Fostering Engagement in Educational Technologies Through Developmental Theory and Program Data

Fostering Engagement in Educational Technologies Through Developmental Theory and Program Data

Elizabeth R. Kazakoff (Lexia Learning, USA), Melissa Orkin (Tufts University, USA), Kristine Bundschuh (Lexia Learning, USA) and Rachel L. Schechter (Lexia Learning, USA)
Copyright: © 2018 |Pages: 24
DOI: 10.4018/978-1-5225-2639-1.ch005
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This chapter provides theoretical and practical insights for integrating and improving motivation in the design of educational technologies and enhancement of student engagement. While the number of new products available to support differentiated learning is great news for students, the rapid development of products may mean quantity over quality. Schools may end up purchasing educational technology tools that may not necessarily be user-friendly, developmentally appropriate, or built with the student end-user in mind, especially for elementary school students. Ideas from popular and well research motivational theories—self-determination theory, attribution theory, and goal orientation theory/mindsets—are discussed in terms of their integration in the design of educational technologies. The blended learning literacy program, Lexia Reading Core5® (Core5), is used as an example of how to iteratively redesign educational technologies taking motivational theories into account. The specific theories and examples presented are then summarized as for practical application.
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Educational technologies are near ubiquitous in US schools. According to the National Center for Educational Statistics, almost all public schools have the infrastructure necessary for implementing digital technology programs and many are prioritizing funding of educational technology programs with more than $3 billion per year allocated to digital content nationwide (Herold, 2016). Newer educational initiatives, like the National Education Technology Plan, are focused on leveraging digital tools to support the needs of a diverse set of education stakeholders, from teachers to policymakers, by prioritizing platforms that are accessible and appropriately engaging for students across ability levels (Office of Educational Technology, 2016).

The prioritization of educational technologies in schools is also prevalent in countries across the world. A recent report surveyed 21 countries’ national educational ministries and departments on use of educational technology. Like the US, many of the countries prioritized internet infrastructure and computer access in primary and secondary schools (Bakia, Murphy, Anderson, & Trinidad, 2011). Nearly all of the surveyed governing bodies agreed that providing digital technologies was a priority, since they provide students access to both receive and share educational content. Most of the surveyed countries were actively funding initiatives to expand access in schools (Bakia et al., 2011).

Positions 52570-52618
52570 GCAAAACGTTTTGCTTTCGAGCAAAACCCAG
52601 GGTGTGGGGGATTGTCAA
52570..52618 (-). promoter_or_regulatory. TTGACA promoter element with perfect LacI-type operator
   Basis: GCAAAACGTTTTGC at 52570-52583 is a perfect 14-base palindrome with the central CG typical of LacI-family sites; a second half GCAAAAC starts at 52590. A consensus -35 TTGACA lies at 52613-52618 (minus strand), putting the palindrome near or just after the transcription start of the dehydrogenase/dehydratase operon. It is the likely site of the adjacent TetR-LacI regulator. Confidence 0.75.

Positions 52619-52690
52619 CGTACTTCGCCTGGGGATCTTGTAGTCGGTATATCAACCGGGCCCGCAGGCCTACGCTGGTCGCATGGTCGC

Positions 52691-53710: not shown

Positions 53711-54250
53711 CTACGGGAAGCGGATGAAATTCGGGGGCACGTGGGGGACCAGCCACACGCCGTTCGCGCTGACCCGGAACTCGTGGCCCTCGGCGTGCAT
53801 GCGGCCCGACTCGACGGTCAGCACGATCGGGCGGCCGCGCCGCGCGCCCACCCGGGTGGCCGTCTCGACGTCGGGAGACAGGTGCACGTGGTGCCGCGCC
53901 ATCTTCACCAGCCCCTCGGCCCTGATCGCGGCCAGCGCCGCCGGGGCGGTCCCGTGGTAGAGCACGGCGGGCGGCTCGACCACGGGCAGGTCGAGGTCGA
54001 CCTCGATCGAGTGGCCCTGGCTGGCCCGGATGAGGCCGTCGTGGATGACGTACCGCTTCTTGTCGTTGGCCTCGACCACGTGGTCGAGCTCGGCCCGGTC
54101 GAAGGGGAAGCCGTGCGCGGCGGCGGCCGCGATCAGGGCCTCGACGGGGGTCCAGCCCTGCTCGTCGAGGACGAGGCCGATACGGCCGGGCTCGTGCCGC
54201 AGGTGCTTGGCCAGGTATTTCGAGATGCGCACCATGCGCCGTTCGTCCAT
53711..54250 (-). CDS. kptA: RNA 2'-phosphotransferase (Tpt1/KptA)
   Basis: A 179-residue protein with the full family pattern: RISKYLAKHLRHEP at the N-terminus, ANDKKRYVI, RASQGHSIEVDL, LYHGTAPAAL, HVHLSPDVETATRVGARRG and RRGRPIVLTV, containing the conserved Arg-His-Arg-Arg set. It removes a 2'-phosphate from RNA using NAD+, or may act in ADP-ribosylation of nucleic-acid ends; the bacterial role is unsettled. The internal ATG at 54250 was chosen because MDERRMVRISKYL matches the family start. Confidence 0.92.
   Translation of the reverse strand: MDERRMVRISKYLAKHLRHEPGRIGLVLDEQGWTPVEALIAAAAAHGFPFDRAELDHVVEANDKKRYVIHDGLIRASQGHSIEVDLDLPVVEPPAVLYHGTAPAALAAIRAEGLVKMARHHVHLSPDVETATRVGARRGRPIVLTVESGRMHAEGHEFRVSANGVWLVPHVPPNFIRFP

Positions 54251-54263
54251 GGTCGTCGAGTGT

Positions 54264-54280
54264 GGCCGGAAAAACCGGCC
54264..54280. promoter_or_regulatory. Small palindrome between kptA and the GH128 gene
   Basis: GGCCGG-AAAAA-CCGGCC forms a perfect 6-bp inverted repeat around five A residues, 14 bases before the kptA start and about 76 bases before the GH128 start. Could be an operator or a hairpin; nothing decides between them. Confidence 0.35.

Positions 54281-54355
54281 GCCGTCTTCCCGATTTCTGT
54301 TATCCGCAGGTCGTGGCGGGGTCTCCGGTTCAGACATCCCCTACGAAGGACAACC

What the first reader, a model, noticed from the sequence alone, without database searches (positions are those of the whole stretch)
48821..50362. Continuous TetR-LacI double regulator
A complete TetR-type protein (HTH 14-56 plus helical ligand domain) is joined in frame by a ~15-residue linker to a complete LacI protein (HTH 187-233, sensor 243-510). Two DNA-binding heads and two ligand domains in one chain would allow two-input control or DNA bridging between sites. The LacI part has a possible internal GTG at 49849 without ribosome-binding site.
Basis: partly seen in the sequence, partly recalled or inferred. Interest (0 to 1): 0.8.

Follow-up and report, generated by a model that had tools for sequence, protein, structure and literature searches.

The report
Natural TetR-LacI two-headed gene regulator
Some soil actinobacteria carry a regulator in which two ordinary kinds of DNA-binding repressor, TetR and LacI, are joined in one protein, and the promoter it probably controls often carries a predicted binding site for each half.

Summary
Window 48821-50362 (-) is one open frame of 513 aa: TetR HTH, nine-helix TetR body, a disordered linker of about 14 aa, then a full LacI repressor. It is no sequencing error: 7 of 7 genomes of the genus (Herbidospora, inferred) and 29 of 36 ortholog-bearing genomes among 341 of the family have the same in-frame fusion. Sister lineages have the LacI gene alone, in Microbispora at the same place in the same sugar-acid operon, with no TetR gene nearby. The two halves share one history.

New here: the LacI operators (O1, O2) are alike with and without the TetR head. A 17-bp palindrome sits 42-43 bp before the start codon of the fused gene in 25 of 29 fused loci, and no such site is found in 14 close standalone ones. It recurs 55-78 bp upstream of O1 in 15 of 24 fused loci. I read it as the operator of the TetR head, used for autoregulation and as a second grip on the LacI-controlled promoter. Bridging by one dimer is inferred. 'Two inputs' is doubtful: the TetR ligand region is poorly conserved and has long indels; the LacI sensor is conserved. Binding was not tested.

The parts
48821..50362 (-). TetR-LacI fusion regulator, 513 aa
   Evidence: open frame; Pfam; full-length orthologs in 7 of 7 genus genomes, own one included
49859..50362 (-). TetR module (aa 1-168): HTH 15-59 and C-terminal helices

Accompanying a greater allocation of resources is the proliferation of digital tools, and the number of educational technology programs increases each year. In fact, when surveyed about their use of digital tools, school administrators report a wide-variety of program and platform options; however, they do not have reliable information about how various educational technologies might benefit their unique learning environment (Digital Promise, 2016). Currently, when administrators select educational technologies, they report relying more heavily on pilot results and personal recommendations than research-based, rigorous evidence (Digital Promise, 2016). Furthermore, there is often a misconception among educators that the sheer presence or novelty of digital platforms will act as motivational tools for students, or that programs are sufficient when the physical interface appears developmentally appropriate. Yet, in order to leverage students’ achievement it is essential to go beyond these basic considerations of user experience, and evaluate how digital tools can capture the best instructional practices from the fields of education and psychology.

As classrooms rely more heavily on instructional models that blend a standard curriculum with digital platforms, a critical and thoughtful examination of the application of educational technologies and the ways in which they are universally accessible becomes rapidly more important. This chapter offers an overview of essential characteristics for engaging students in learning activities. These characteristics are drawn from popular theories of motivation in achievement settings, and particular attention is paid to the pedagogical approaches that can either support or hinder productive engagement and learning. For example, educators often use external motivators, such as rewards and punishments to coerce their students’ behavior (Niemiec & Ryan, 2009). Although these solutions are effective in the short-term, they often undermine students’ long-term intrinsic motivation for learning (Deci, 1971; Kohn, 1993). Extrinsic incentives (e.g., badges) often populate educational technologies; however, there are alternative approaches that can maximize students’ intrinsic motivation, support their persistence with challenging tasks, and encourage the development of a healthy mindset about learning.

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